Although several hundred Tibetan flags also fly in the Czech Republic each year on 10 March, the Czech government’s stance towards Tibet has been scandalous. The Czech Foreign Minister, Lubomír Zaorálek, has repeatedly said that he supports China’s “territorial integrity” and believes that Tibet is a part of China. In 2013, future Czech president Miloš Zeman said he would never meet with the Dalai Lama unless he were a big investor. During a visit to Beijin, Zeman said that, “Tibet and Taiwan are parts of China and I don’t give a damn about the Dalai Lama or the Tibetan government-in exile.”

While perhaps not so vulgar as its Czech counterpart, the Hungarian government has also not been particularly supportive of the Tibetan cause. When the Tibetan premier visited Budapest in 2011, the Hungarian government prevented a pro-Tibetan march.


The bottom line

While Polish and Slovak solidarity with Tibet should serve as an example to the governments in Prague and Budapest, a Free Tibet Roundabout in Warsaw, Tibetan flags flying across Slovakia, and a Polish boycott of the opening of the Beijing Olympics can only achieve so much.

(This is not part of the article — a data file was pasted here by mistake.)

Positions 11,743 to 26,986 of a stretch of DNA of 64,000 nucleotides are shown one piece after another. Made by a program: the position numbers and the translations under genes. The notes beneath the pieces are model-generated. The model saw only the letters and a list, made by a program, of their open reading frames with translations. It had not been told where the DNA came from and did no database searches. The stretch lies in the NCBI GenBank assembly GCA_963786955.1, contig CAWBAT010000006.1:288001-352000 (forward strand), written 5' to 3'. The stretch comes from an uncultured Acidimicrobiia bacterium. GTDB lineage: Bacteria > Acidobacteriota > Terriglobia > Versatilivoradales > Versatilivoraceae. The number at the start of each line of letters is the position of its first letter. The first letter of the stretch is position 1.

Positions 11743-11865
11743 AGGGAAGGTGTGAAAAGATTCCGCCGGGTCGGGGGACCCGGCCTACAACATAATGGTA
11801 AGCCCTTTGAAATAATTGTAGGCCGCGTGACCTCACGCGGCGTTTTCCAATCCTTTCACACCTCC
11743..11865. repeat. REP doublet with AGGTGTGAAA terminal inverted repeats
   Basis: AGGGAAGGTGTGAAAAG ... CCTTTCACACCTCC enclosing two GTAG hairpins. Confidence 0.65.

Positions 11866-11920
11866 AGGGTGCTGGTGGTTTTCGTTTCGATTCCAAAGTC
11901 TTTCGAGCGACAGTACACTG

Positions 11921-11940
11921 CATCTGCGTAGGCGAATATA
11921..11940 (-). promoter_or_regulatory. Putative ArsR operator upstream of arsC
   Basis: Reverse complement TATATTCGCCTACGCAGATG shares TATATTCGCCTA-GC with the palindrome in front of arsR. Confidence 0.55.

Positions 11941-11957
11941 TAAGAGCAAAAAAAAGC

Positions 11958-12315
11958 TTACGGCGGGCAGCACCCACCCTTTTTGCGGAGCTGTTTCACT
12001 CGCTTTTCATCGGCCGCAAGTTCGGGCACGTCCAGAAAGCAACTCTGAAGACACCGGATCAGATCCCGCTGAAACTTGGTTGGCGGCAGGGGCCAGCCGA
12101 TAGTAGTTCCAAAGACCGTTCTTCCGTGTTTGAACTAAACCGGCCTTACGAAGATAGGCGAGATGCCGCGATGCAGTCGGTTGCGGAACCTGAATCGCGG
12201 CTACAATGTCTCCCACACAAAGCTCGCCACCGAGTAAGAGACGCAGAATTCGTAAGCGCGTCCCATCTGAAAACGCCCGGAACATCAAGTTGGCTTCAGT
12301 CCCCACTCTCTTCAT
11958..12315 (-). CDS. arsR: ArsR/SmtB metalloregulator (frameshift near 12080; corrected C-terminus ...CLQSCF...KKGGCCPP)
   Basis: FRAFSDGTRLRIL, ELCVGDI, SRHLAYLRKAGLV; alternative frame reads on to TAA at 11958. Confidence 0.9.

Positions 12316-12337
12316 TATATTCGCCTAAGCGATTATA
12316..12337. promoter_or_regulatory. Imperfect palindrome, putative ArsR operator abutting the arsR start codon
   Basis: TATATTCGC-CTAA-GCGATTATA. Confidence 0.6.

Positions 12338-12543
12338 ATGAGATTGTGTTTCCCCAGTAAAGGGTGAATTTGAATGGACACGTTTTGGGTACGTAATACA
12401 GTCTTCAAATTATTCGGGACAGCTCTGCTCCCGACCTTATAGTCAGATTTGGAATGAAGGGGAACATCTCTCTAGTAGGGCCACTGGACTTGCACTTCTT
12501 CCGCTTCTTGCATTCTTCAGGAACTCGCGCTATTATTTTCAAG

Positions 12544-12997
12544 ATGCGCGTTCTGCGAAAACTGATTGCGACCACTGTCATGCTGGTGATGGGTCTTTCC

The Visegrad Group’s leaders need to be as aggressive in defending Tibetan liberty as Western leaders were in standing up for Eastern Europeans’ rights in the 1980s.


Filip Mazurczak studied history and Latin American literature at Creighton University and international relations at The George Washington University.

Filip Mazurczak

Eastern European Futures

In 2009, the European Union and six of its Eastern neighbours launched the Eastern Partnership (EaP) with the stated aim of building a common area of shared democracy, prosperity, stability and increased cooperation. A decade on, however, progress has been mixed.

Visegrad Insight is published by the Res Publica Foundation. This special edition has been prepared in cooperation with the German Marshall Fund of the United States and supported by the International Visegrad Fund.